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30 Years of Paris Is Burning

In 1990, Madonna released “Vogue,” to massive popular acclaim. The same year, Jennie Livingston’s Paris Is Burning greeted the world at LGBT film festivals in New York and San Francisco. While Madonna brought voguing to the forefront of popular (meaning “mainstream”) attention, Paris Is Burning presented a thoughtful exploration of 1980s New York’s ballroom scene and Black and Latinx gay and trans communities. Not only did the documentary address issues that affected black and brown LGBTQ people at large, it also amplified the voices of the individuals whose lives and deaths gave shape to LGBTQ+ history at large.

Dancer and choreographer Willi Ninja, “godfather of voguing,” in Paris Is Burning (Credit to Dazed Digital)

Today, Paris remains one of the most valuable and illuminating pieces of LGBTQ-focused media that exists. At a time when being gay or trans was still extremely taboo in the majority of American society, the very people who were facing this oppression spoke candidly of both their troubles and their aspirations. Voguing has been intermittent in popular fascination, but concern for LGBTQ+ issues is relatively novel. Paris was an opportunity for New York’s ballroom scene to define themselves, their culture, and their concerns on their own terms. Unlike the mainstream, voguing and drag was more than a fad; balls and Houses were modes of banding together against the violence and cruelty that the world harbored for Black, Latinx, gay, and trans people. (“[Gay people] just wanna be together… Just like a community.”)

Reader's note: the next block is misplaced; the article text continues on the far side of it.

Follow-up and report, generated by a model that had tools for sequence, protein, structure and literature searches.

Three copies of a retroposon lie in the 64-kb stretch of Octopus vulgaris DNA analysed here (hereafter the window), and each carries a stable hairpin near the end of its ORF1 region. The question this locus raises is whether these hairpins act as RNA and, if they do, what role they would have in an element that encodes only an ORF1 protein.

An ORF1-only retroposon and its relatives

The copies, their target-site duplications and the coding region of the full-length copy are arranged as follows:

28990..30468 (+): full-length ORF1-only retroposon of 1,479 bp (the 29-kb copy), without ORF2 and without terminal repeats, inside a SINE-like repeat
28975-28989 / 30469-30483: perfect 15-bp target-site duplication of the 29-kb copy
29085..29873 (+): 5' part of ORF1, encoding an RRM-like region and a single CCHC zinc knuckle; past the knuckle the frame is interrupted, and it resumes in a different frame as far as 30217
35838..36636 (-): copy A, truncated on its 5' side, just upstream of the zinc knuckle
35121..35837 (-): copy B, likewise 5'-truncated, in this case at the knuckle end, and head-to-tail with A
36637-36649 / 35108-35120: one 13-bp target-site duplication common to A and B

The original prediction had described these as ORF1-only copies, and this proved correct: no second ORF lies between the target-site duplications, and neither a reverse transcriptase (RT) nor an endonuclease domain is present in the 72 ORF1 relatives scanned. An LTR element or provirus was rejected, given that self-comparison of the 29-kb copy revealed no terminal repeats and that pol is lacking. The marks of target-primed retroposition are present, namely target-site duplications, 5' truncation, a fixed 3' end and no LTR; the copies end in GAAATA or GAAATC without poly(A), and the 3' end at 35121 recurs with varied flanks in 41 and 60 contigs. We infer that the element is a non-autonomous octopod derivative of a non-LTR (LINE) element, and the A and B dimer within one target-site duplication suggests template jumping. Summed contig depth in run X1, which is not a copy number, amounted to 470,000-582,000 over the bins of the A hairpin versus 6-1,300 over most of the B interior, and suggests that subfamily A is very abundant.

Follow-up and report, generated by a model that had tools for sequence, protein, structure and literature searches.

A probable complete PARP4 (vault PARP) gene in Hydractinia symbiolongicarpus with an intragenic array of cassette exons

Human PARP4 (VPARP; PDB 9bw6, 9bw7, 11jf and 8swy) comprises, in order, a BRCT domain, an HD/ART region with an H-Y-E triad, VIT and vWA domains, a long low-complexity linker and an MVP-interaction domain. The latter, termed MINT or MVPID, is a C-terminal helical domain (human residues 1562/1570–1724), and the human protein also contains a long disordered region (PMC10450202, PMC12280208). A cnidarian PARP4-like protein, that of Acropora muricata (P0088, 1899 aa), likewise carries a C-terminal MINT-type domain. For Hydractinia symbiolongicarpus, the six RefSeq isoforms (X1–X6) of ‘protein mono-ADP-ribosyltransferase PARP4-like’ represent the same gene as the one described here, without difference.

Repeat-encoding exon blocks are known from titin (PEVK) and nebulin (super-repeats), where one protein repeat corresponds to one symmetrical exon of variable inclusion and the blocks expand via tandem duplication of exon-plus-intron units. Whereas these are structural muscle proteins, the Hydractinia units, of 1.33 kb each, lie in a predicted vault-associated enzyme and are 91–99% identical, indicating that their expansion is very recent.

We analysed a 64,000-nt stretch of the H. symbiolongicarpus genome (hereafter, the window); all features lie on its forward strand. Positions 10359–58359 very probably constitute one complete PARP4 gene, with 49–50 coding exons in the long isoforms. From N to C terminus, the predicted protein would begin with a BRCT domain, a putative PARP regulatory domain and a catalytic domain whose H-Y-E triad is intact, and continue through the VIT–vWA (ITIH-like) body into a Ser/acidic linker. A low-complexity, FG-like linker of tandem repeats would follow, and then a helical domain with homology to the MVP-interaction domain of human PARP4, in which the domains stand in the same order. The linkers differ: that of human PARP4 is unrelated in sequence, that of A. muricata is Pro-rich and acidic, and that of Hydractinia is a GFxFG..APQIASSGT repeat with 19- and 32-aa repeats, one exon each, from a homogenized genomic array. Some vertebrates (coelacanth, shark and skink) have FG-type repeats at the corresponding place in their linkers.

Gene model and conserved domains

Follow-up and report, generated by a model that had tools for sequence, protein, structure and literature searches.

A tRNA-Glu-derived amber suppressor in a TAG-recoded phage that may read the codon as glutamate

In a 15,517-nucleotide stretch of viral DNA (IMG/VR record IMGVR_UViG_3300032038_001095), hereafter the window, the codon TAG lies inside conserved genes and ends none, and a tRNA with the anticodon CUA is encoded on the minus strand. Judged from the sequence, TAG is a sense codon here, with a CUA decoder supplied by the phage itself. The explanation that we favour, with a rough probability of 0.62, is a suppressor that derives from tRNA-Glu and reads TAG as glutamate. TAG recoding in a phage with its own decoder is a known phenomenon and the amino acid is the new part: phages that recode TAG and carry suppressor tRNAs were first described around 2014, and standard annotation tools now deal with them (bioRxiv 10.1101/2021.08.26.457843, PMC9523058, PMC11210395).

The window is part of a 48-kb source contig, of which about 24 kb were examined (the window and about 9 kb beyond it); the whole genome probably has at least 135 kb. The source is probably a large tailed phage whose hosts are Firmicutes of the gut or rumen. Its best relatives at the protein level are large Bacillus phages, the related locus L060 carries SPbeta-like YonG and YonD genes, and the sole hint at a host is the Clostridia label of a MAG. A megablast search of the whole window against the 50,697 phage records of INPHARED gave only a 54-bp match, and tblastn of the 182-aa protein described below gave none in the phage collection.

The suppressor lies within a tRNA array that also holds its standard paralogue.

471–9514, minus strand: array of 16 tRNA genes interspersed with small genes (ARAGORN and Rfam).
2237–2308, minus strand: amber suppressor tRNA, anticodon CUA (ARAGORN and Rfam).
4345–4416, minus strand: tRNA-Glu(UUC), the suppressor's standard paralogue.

Transgender nonbinary actor Indya Moore as Angel, walking in a ball in Pose (Credit to Interview Magazine)

It’s important to note that there has been progress in public regard for black and brown trans people in entertainment. In 2014, actor and activist Laverne Cox became the first openly transgender person to be nominated for a Primetime Emmy Award in any acting category, for her role in Netflix’s Orange Is the New Black. In 2018, Pose premiered on FX, boasting the largest ever transgender cast for a scripted series. Heavily inspired by Paris, Pose follows a cast of Black and Latinx trans and gay characters in the ballroom community as they navigate life in 1980s-90s New York City, grappling with friendships, family, and the HIV/AIDS crisis. “I believe that there’s a big future out there,” said model and educator Octavia St. Lauren in Paris, “with a lot of beautiful things.” And Pose is beautiful, not only for its groundbreaking cast but also for the Black and gay/trans creatives behind the scenes. It’s hard not feel hopeful for progress when one sees the wealth of critical and popular acclaim the series has earned.
But progress is only a part of the picture. One young, gay, Black man in Paris recounts advice he received from his father: “If you’re gonna do this, you’re gonna have to be stronger than you ever imagined.” Unfortunately, the current state of the world renders this advice still necessary. Black and brown LGBTQ+ people, especially trans women and gender non-conforming individuals, are in particular danger of violence and death. CNN reported that at least 37 trans and gender non-conforming people have been killed in 2020 alone, a record high. According to the Human Rights Campaign, about 66% of these victims were Black trans women. Simply being aware has long since ceased to be enough. Not for the art and beauty the world has been given but for the unadorned fact that they are human beings, current and potential victims of racist and trans-/homophobic violence and cruelty must be actively supported. Paris Is Burning may be many people’s introduction to LGBTQ+ history, but it doesn’t need to stop there. See this article for a list of ways to donate and support Black trans lives.


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